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My guess with a topic this controversial is that you are looking for both sides of the issue. I think that weighing out and assessing both lines of logic could help create a strong analysis of the topic. Those who are proponents of it argue that there is a quality of life standard whereby individuals should be able to speak to their own condition. If a terminal condition causes them enough pain, individuals should, it is argued, be able to end their own life and turn to the doctor- patient relationship as providing comfort in such times. At the same time, there are those who believe that the preservation of life is so sacred that to even contemplate taking it under any circumstances creates a "slippery slope" where future abuse may occur.
Euthanasia and assisted suicide are not the same, however. Oregon and Washington have legal assisted suicide, with a number of safeguards and restrictions. The decision has to be made by the person, who is terminally ill, and of sound mind, after a waiting period and approved by a panel of physicians. The most important difference being that the person themselves makes the decision.
With euthanasia, someone else makes the decision. A relative, for example, who decides a parent with Alzheimer's should be euthanized rather than go through extended pain and low quality of life. This has a huge potential for abuse, so I'm against it, even as I'm for legal assisted suicide. Suppose the son or daughter stands to inherit money or get a life insurance policy? Maybe doesn't want to pay the medical bills? Perhaps a spouse just doesn't want to endure the years of difficulty. These things would be very difficult to guard against.
This is a challenging question and a good topic to argue as there is merit to both sides of the issue, but that merit is situational. Simply stating that "euthanasia" should be legal is a bit too broad of a statement. However, if you focus in on physician assisted suicide, using an argument of habeas corpus, then you are working toward a much stronger persuasive rhetoric. Essentially, if we are willing to accept the premise that our bodies are our own and as such we can do with them as we wish as long as we are not harming anyone else in the process, then if we choose to die that should be our right. A patient who would rather die than continue to live in an incapacitated or potentially painful state, someone whose life expectancy is limited anyway and whose quality of life is poor, should have the right to choose to die with dignity instead of being forced to suffer. However, where the opposing side makes some valid points is in the fact that external factors such as depression can lead to people making that choice without considering other options. Medical science is constantly evolving, and what is not treatable today may be infinitely treatable or at least successfully manageable tomorrow. As a result, it is imperative that, when considering legalized euthanasia, protections are put into place to insure the mental and emotional clarity and stability of the individual making the request.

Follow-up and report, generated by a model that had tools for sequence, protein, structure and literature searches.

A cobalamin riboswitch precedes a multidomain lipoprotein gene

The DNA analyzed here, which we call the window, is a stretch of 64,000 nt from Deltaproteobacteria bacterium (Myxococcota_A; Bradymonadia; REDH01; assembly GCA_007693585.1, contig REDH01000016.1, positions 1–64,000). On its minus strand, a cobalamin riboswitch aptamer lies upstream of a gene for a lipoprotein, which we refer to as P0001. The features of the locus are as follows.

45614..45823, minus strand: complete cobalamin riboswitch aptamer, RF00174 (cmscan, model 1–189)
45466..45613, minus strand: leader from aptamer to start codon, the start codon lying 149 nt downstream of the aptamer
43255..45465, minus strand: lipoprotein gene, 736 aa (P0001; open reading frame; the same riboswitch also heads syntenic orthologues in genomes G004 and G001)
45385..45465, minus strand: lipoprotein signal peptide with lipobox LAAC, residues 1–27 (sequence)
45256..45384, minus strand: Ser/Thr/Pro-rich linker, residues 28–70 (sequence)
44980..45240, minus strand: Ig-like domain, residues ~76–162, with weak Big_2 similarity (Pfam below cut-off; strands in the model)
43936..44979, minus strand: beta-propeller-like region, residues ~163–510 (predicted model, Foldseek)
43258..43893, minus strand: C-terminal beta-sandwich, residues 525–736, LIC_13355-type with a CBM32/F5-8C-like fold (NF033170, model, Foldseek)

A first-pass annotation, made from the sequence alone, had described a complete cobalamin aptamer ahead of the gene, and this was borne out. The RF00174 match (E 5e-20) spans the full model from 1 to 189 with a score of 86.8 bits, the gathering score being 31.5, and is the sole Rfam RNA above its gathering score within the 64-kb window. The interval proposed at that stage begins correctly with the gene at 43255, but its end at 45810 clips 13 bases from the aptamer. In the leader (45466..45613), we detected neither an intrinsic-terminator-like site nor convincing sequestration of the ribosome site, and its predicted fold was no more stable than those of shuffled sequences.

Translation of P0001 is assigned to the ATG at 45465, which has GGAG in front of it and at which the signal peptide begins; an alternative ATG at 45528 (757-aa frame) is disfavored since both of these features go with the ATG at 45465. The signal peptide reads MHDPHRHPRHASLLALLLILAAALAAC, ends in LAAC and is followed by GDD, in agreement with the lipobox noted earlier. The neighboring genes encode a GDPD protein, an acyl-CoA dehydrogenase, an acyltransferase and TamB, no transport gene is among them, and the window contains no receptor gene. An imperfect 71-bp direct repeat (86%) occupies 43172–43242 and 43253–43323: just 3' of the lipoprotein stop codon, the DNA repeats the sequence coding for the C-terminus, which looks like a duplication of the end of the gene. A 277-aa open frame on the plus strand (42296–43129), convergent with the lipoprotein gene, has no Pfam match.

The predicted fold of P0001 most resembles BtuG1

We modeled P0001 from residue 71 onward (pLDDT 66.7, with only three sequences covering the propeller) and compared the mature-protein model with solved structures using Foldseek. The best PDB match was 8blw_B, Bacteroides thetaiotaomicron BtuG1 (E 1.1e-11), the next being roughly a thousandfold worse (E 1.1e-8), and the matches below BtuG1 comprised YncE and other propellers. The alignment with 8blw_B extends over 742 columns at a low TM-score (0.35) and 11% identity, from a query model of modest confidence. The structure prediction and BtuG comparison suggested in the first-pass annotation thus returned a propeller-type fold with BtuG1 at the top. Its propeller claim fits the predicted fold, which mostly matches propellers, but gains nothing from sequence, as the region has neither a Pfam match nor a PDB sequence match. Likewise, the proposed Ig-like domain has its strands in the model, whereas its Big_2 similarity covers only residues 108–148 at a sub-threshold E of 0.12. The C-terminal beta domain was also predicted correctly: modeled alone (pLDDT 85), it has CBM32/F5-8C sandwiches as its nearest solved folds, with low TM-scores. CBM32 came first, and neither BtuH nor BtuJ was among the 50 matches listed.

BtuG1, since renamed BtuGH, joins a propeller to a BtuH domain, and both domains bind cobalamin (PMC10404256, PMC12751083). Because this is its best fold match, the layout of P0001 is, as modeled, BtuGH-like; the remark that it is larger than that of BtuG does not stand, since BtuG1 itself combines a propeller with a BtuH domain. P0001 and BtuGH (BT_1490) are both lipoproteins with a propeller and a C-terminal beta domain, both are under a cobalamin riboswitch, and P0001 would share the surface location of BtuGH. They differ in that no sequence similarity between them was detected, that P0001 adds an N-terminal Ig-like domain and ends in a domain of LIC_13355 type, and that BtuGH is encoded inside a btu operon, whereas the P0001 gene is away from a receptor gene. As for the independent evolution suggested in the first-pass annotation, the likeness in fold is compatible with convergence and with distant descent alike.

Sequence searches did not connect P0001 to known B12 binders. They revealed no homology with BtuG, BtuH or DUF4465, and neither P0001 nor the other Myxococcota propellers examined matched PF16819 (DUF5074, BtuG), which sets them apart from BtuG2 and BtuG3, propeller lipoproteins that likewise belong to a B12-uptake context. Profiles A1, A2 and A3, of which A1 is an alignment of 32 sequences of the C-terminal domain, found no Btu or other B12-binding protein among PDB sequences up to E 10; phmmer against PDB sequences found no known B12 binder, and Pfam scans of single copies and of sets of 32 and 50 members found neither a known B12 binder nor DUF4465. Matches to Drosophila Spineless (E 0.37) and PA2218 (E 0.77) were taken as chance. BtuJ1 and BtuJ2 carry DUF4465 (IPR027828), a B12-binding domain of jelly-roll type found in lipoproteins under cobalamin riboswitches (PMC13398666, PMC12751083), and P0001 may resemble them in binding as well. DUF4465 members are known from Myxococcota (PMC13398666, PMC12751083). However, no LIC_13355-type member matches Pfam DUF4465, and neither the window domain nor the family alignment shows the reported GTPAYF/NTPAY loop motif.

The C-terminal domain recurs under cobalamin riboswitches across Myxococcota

Well, it is in Switzerland. Folks will go there to partake of assisted suicide, and some would argue that it is a service that people want so it ought to be provided. Others would certainly argue against it if they subscribe to the idea that suicide is a mortal sin and shouldn't be legalized since it would make the path to commiting such a sin so much smoother!
Of course if you believe the rhetoric that got tossed around during the health care debate, Obama will soon be pushing a red button and euthanizing millions of the elderly, so perhaps we are well on our way to legalization. A slightly more legitimate argument is just that it would save huge amounts of money if people had the choice of passing away quietly rather than fighting to the last possible moment and using every possible resource and drug to help in that fight.
Euthanasia refers to a very wide range of action, justified for a variety of reasons. Not all such form of euthanasia are desirable or should be allowed. While under some conditions there may be compelling arguments in favour of euthanasia, the possibility of unintended or deliberate misuse cannot be ruled out.
I would say euthanasia should be allowed only in cases of persons suffering from incurable disease of the kind that make it absolutely imposable for them to perform any work either for themselves or others. Further, euthanasia should be allowed only in the form of withdrawing artificial life support system or perhaps some type of treatment which can be excessively painful. Also the euthanasia should be generally practiced only when desired by the patients. Some exceptions can be made when the patient is unable to express his or her wishes because of conditions such as coma, and is not expected to come out of it.
In particular the practice of mercy killing should not be mixed with euthanasia, and should not be allowed.
In any case, euthanasia should be exercised only in accordance with prescribed procedures designed to eliminate mistakes and foul play in use of provisions of law.
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